Plant breeders have a new weapon in the war against the illegal use of seeds and they intend stepping up their campaign against those who are stealing millions of dollars from breeders.
This new DNA technology can clearly identify seed lines with accuracy and certainty, which has significantly increased the likelihood of a successful prosecution against any unlawful sales of PVR protected plant varieties or patented technologies.
John Caradus, past chairman of the New Zealand Plant Breeding and Research Association, said that this new technology is fast and accurate and can effectively identify individual cultivars.
“Merchants, retailers and farmers take note. The owners of PVR protected plant varieties will be carrying out DNA testing on a wide range of ryegrasses now currently on the market to determine their true ownership.
“The misuse of proprietary cultivars is a serious problem. Seed growers who illegally produce proprietary seeds cannot continue to cheat plant breeders by not paying them the royalties that are legally theirs.
“Plant breeders invest considerable time and money into the development of new varieties and they expect a fair return on this investment. It is stealing and if we don’t make a stand it will continue to escalate. Even now we believe the loss of income to breeders could be in excess of $10 million,” he said.
The DNA technology is used as a diagnostic tool in to identify individual lines in much the same way as in criminal cases.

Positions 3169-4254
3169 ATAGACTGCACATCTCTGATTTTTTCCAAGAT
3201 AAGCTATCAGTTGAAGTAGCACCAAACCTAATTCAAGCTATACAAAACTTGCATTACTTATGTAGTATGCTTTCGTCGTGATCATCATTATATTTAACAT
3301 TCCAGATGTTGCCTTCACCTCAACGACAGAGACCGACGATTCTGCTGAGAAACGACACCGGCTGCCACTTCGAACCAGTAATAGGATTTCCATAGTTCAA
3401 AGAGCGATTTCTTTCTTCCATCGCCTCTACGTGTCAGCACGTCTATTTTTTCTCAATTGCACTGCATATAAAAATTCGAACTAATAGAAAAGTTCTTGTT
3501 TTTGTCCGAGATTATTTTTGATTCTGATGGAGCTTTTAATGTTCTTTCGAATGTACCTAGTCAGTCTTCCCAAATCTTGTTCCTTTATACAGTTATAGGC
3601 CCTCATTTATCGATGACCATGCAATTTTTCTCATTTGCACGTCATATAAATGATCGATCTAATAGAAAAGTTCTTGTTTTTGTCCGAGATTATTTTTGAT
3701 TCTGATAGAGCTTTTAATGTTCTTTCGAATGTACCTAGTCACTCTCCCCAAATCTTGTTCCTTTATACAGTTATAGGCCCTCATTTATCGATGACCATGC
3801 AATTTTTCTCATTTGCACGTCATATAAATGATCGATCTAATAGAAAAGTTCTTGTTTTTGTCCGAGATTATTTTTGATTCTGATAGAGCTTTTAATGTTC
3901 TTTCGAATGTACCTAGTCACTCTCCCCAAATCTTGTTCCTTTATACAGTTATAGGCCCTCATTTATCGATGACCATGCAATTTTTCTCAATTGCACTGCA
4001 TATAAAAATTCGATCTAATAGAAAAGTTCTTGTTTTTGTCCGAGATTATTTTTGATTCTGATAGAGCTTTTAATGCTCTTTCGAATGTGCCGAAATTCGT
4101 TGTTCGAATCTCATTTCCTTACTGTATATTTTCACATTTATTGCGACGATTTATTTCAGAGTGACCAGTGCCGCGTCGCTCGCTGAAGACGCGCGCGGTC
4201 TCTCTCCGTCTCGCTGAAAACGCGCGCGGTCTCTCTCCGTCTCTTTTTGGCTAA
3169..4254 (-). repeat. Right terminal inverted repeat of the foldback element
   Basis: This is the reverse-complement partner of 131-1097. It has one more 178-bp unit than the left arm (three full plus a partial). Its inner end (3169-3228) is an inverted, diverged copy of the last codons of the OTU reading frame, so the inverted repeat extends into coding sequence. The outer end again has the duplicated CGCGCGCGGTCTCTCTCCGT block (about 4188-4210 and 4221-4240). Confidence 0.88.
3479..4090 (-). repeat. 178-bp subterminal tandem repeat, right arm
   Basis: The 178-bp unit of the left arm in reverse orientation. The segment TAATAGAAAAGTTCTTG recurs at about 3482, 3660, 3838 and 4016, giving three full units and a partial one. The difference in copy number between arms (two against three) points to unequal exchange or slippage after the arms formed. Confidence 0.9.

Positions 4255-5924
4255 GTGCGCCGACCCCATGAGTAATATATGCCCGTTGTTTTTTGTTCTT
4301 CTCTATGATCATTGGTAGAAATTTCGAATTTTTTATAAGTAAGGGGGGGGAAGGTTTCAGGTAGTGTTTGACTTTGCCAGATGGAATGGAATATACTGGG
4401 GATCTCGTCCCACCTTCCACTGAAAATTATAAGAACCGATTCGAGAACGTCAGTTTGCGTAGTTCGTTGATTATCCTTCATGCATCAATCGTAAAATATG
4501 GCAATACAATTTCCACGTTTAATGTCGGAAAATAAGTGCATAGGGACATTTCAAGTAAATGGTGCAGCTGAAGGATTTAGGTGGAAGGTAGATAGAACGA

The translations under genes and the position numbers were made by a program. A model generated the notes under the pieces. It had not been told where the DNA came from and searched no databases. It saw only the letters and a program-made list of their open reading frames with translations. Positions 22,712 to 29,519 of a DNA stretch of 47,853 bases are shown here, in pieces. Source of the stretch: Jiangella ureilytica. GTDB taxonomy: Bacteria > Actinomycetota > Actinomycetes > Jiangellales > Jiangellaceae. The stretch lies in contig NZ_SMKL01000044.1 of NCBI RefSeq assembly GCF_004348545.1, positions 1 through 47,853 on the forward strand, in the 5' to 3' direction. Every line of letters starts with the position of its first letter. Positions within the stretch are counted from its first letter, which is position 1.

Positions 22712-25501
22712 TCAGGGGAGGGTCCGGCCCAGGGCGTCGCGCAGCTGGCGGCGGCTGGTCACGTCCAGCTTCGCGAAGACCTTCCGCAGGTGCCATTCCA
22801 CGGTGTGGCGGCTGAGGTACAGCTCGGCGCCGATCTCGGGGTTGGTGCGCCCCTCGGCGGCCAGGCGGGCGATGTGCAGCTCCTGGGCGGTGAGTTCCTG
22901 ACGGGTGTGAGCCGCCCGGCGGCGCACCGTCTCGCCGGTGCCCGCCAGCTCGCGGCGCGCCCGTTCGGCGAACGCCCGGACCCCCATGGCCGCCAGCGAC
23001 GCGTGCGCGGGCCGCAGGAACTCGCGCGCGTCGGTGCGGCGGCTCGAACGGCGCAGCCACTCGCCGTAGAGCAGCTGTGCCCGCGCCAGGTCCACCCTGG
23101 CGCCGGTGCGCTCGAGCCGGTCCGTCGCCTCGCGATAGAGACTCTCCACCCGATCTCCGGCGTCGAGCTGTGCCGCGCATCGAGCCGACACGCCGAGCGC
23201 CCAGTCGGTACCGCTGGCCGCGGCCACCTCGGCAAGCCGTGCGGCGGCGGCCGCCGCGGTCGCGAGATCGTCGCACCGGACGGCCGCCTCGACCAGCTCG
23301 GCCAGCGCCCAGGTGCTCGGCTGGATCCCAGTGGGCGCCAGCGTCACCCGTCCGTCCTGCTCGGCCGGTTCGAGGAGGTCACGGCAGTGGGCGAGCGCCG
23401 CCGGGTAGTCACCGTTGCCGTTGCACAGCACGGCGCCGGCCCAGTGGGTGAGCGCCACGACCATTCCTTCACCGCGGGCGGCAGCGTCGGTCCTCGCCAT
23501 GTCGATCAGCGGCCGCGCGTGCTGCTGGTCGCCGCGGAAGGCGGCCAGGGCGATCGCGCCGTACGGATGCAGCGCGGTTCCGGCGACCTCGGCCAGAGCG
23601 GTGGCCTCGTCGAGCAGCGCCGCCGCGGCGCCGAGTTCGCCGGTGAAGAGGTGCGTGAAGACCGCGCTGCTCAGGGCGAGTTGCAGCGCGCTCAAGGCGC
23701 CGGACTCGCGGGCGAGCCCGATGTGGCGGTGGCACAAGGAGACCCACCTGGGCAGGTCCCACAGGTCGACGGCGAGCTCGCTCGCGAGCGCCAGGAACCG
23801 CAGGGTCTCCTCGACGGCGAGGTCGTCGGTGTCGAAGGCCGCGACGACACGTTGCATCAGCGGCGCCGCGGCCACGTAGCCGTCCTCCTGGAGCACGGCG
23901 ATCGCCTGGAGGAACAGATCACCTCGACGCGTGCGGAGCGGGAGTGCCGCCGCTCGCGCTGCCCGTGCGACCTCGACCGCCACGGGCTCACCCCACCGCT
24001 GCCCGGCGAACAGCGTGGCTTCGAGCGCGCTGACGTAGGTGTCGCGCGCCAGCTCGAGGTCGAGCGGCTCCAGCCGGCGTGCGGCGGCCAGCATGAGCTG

“Genetic markers have been identified that can easily identify the variety and the court has already used this information as corroborative evidence in a recent High Court action.
“We have the backing of the entire proprietary seed industry in this crackdown as it will protect the interests of not only the breeders and seed companies, but also honest growers, processers and end users.”
This technology supports the Plant Variety Rights Act 1987, which gives the holder of a plant variety right considerable powers, including the right to charge a royalty on varieties.
“The ultimate aim of the legislation is to improve the plant breeding industry by allowing breeders to own varieties and charge for their use. Ultimately, this ongoing investment from royalties received will result in better varieties through ongoing breeding.
“It is imperative that the breeders are able to collect their share of the benefit so that the breeding effort can continue and improved varieties are made available on a continuing basis.”
Farmers can save seed for their own use, but selling or buying it over the fence is totally different.
“The buyer of seed from over the fence has no idea of exactly what the seed contains, nor can they be sure it will perform to expectations. Farmers also need to be aware that seed of patented varieties or technologies cannot be retained for their own use. For example, seed of grass varieties containing AR37 endophyte may not be saved for a farmer’s own use.
“Honest farmers need to be careful they are not caught up unintentionally in illegal activities. Ignorance of the law is not a sustainable defence. With the accuracy and speed of this new technology we will catch the offenders,” he said.
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